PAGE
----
Also I started smoking weed around a year ago which sort of coincides with the problems. I only smoke about two or three times a month on average. Do you think that this could be causing or contributing to my problems.
So far talking to my mum about it has been the best therapy.
Mechalizard1 karma2014-01-26 19:38:58 UTC
So I think you have the drug aspect distorted. They don't truly alter who you are, and they're not addicting. I would say that you could do some more research in drug treatments before trying one out.
I will say that your cycles will continue and most likely get worse if you don't get help from a cognitive therapist or psychiatrist. I just want to be realistic with you.
You don't have to go to the lengths I did. In only did because drug treatment wasn't an option.
Also, weed is a psychoactive drug, so unless you are using with the knowledge of a psychiatrist, I would say it is harmful to your mental state.
theduckopera1 karma2014-01-25 09:54:25 UTC
Gosh, fascinating. I've just been diagnosed with OCD myself but mine is mostly compulsions whereas from the sounds of it yours revolves around the obsessions. Am I correct in saying that? If not, were there any compulsions that affected you as badly as the obsessions?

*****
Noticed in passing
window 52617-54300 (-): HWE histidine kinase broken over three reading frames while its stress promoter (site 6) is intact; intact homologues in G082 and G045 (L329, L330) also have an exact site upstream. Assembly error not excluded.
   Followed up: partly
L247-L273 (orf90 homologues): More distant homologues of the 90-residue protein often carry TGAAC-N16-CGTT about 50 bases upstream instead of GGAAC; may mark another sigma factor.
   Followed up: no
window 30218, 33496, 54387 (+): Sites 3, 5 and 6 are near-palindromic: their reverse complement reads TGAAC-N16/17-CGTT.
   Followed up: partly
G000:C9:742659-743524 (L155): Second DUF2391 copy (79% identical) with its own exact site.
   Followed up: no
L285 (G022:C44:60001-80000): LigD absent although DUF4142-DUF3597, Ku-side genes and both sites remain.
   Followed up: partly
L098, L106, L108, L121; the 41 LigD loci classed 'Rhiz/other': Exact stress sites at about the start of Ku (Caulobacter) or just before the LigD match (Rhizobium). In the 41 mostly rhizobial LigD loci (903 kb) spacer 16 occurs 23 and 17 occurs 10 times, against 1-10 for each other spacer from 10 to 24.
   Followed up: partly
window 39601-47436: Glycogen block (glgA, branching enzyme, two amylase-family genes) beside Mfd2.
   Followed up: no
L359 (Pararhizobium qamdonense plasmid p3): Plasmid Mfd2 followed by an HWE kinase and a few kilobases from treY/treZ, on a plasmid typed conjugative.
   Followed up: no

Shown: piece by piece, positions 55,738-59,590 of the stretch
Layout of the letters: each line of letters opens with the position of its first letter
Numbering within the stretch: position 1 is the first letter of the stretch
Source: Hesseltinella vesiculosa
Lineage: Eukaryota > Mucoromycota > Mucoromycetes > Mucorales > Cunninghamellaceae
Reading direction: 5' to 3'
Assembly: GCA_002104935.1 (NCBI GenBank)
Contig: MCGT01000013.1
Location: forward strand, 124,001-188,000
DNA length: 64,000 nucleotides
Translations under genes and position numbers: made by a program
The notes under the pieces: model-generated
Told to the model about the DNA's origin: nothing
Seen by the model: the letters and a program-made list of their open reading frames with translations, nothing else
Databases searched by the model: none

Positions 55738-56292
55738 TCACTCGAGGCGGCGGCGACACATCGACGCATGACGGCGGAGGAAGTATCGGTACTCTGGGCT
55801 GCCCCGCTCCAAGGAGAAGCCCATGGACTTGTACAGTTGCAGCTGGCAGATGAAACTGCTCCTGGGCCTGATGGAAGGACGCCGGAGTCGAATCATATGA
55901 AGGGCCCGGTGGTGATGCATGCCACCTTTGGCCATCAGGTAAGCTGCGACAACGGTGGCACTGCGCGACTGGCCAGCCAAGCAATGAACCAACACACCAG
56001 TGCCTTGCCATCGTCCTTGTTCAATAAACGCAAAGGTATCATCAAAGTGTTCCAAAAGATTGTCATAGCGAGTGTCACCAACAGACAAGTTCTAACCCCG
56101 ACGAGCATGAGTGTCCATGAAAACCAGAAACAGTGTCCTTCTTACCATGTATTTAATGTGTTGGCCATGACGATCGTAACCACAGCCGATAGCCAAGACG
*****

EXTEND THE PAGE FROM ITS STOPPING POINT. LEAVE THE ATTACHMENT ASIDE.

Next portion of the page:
Just curious! Mine isn't bad enough to have to consider something like DBS (and I count myself an extremely lucky bunny for that), but I am still trying to get to grips with the nature of the illness and how it affects myself and other people. Thank you for speaking out about this!
Mechalizard1 karma2014-01-25 15:07:29 UTC
Great question. For a long time I only thought I had obsessions, not compulsions. Working with my therapist I've learned this is very far from the truth. My compulsions are avoidance, reassurance seeking, checking mentally, and repeating mentally. It is tricky to catch them!
Magmatron1 karma2014-01-23 16:16:36 UTC
What is your favorite book?
Mechalizard3 karma2014-01-23 16:20:02 UTC